You can start looking for blooms within six to eighteen months depending on your climatic conditions. Treatment also bears great influence on how soon your prickly pear cactus begins to flower. I can personally attest to plants fruiting in six to eighteen months. Some of our clients have sent photos and testimonials of flowers and fruit within three months of receipt and that tends to happen in more tropical regions. Our first was in New York and it took almost twelve months to flower although it was a very young plant. Your results may vary.
Your flowers will be followed by green fruit that can be as spiny as the pads. The skin will slowly change from green to dark-green or burgundy when ripening – depending on the variety as some ripe fruit can carry any of the colors noted above. Now comes the most rewarding part of the prickly pear experience – harvesttime!
The possessions on which we place the greatest value in this life usually come at greater cost or expense – that dream car, your perfect home, the job of a lifetime you climbed ladder after ladder to get to… I say all that to encourage you. Like I’d mentioned before, cactus plants have their own line of defense, especially some of our family’s favorites like opuntia and trichocereus. Their defense is wrought with spines and glochids that can prove painful and annoying to deal with if they get hooked into your skin but what they protect is worth the trouble and I believe they are treasures we should all the luxury of enjoying so come harvesttime, do not be daunted. I’m not saying you should be prepared for pain. I’m imploring you to be prepared so you won’t have to encounter pain because it is a very real risk. Ensure you have, thick, rubber gloves just for use with your cactus plants before tackling the establishment or maintenance of a cactus pot or garden. Do not use the gloves for any other activities. Always store them away from common areas, especially if you have children or pets that aren’t immersed in water.
After picking your fruit – while still wearing your gloves – use a knife or garden shears to remove all spines and glochids then set your fruit aside. I like to lay out a few sheets of old newspapers or magazines before I get started so those pesky bits will fall onto them and cleanup will be easy afterward. When you’ve folded and discarded your collection of thorns and glochids, you can carefully remove your gloves and store them. Now, all that’s left is to enjoy your fruit.
Here comes the fun part! The fruit is very juicy but extremely seedy like a freshly picked watermelon but with more density and a generous distribution of much harder seeds! The easiest way to enjoy it is to cut your fruit into quarters vertically and peel back the skin. They separate from the fruit almost effortlessly. You can blend your pulp with water (I like to add ginger and lime or passion fruit pulp). You can strain off the pulp and what you do with your prickly pear juice from here is up to you. Experiment and enjoy!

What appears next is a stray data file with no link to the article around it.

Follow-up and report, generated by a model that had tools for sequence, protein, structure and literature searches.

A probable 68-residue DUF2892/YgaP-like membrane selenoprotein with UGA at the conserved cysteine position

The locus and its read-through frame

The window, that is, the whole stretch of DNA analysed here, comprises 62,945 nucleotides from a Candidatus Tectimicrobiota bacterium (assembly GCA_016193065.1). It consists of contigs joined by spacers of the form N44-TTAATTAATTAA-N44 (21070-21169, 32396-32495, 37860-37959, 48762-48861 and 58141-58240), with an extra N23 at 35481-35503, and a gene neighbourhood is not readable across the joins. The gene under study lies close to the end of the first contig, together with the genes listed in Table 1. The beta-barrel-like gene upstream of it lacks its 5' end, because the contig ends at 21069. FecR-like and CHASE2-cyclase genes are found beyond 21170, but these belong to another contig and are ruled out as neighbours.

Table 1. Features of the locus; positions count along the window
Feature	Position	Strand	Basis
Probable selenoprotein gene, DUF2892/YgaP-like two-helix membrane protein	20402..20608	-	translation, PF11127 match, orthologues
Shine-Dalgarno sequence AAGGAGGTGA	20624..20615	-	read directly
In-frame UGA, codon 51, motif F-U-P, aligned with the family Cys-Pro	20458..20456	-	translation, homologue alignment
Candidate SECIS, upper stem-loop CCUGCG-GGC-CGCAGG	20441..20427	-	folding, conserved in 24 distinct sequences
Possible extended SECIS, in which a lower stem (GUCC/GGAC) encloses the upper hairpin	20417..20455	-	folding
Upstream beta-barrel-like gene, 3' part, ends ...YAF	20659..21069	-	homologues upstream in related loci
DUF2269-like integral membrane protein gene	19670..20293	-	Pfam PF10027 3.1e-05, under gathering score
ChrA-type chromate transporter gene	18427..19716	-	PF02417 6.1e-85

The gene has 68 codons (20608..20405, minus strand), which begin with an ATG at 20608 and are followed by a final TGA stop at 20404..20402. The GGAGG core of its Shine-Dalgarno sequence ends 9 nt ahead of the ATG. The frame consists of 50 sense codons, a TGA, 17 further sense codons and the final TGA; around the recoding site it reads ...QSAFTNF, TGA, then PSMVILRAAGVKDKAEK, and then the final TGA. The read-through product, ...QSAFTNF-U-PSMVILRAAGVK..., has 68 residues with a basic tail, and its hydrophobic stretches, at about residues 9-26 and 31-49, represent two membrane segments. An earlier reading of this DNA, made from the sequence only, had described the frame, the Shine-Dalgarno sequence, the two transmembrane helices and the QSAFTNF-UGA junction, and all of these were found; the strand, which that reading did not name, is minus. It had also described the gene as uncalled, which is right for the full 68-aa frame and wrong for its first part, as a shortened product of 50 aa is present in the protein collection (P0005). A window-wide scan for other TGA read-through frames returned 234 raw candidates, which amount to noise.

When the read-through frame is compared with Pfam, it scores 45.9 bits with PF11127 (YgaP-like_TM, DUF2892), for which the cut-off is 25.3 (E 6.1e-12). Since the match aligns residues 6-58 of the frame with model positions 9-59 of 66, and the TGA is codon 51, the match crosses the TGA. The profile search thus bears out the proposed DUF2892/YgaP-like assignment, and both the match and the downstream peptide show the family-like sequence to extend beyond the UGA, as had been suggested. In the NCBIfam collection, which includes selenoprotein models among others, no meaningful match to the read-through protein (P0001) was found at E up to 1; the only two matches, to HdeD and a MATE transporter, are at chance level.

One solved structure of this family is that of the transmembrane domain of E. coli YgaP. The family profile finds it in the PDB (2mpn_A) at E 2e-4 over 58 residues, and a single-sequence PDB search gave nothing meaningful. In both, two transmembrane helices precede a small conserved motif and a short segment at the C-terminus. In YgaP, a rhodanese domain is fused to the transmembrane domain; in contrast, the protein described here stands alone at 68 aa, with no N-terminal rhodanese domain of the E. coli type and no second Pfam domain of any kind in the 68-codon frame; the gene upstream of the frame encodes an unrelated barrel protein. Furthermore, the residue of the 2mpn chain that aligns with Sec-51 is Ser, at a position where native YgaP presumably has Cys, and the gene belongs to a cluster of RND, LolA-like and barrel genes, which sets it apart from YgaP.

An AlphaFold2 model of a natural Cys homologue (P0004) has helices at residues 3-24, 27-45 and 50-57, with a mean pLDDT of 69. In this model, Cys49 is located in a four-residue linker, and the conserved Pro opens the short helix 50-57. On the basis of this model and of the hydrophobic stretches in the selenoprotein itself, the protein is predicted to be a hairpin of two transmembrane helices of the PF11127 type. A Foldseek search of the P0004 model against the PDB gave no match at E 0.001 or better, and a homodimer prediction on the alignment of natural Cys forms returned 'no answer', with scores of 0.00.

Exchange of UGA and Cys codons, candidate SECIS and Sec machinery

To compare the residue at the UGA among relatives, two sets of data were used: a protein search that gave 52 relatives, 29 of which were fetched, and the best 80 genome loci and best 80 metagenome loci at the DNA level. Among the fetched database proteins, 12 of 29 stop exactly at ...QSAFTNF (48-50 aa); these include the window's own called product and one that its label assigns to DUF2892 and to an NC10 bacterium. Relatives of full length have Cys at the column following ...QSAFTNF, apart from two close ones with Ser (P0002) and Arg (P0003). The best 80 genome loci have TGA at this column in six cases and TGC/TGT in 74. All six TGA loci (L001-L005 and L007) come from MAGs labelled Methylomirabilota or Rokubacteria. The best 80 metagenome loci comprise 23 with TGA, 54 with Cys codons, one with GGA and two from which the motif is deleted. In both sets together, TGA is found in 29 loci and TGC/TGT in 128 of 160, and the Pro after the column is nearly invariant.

Don’t underestimate your opuntia fruit. It is very versatile so don’t be afraid to experiment with juices, punch, sherbet, sauces, pastries, salads, teas, and so much more… AND you can do it with a clear conscience. The cactus fruit is entirely wholesome. It means your body no harm in any way. They are some of the richest sources of several antioxidants, vitamins and minerals like Vitamin C, that help to lower cholesterol, boost the immune system, decrease the risk of diabetes, prevent cancer and heart disease, aid in weight loss, improve digestion, boost energy, stimulate bone growth, strengthen blood vessels, defend against bacteria and fungi, eliminate inflammation throughout the body and help in the overall functioning of the body’s systems. They contain no cholesterol! Prickly pear can reduce your chances of conditions like constipation and can reduce the risk of Alzheimer’s, Irritable Bowel Syndrome, and diseases like colorectal cancer. Carotene is another component of opuntia fruits, and carotene has been linked to a number of anti-carcinogenic qualities, as well as reducing the size of tumors (OrganicFacts). They help maintain healthy teeth, hair, bones, skin and so much more and can also help you nullify stress. If you’re pregnant, worry not. My doctor allowed me to eat as much of fruit from cactus as I liked (and Lord knows there wasn’t much I liked besides cactus fruit) while I was pregnant with my daughter. Studies have found no harmful substances in the fruits, not even for women who are pregnant or nursing. There is no loss or trade. You don’t have to give up something to enjoy this opuntia cactus fruit. It’s delicious and refreshing and perfectly low-calorie and the few calories it has are all good for you… so dive in and I hope you enjoy the journey to discovery as much as I have.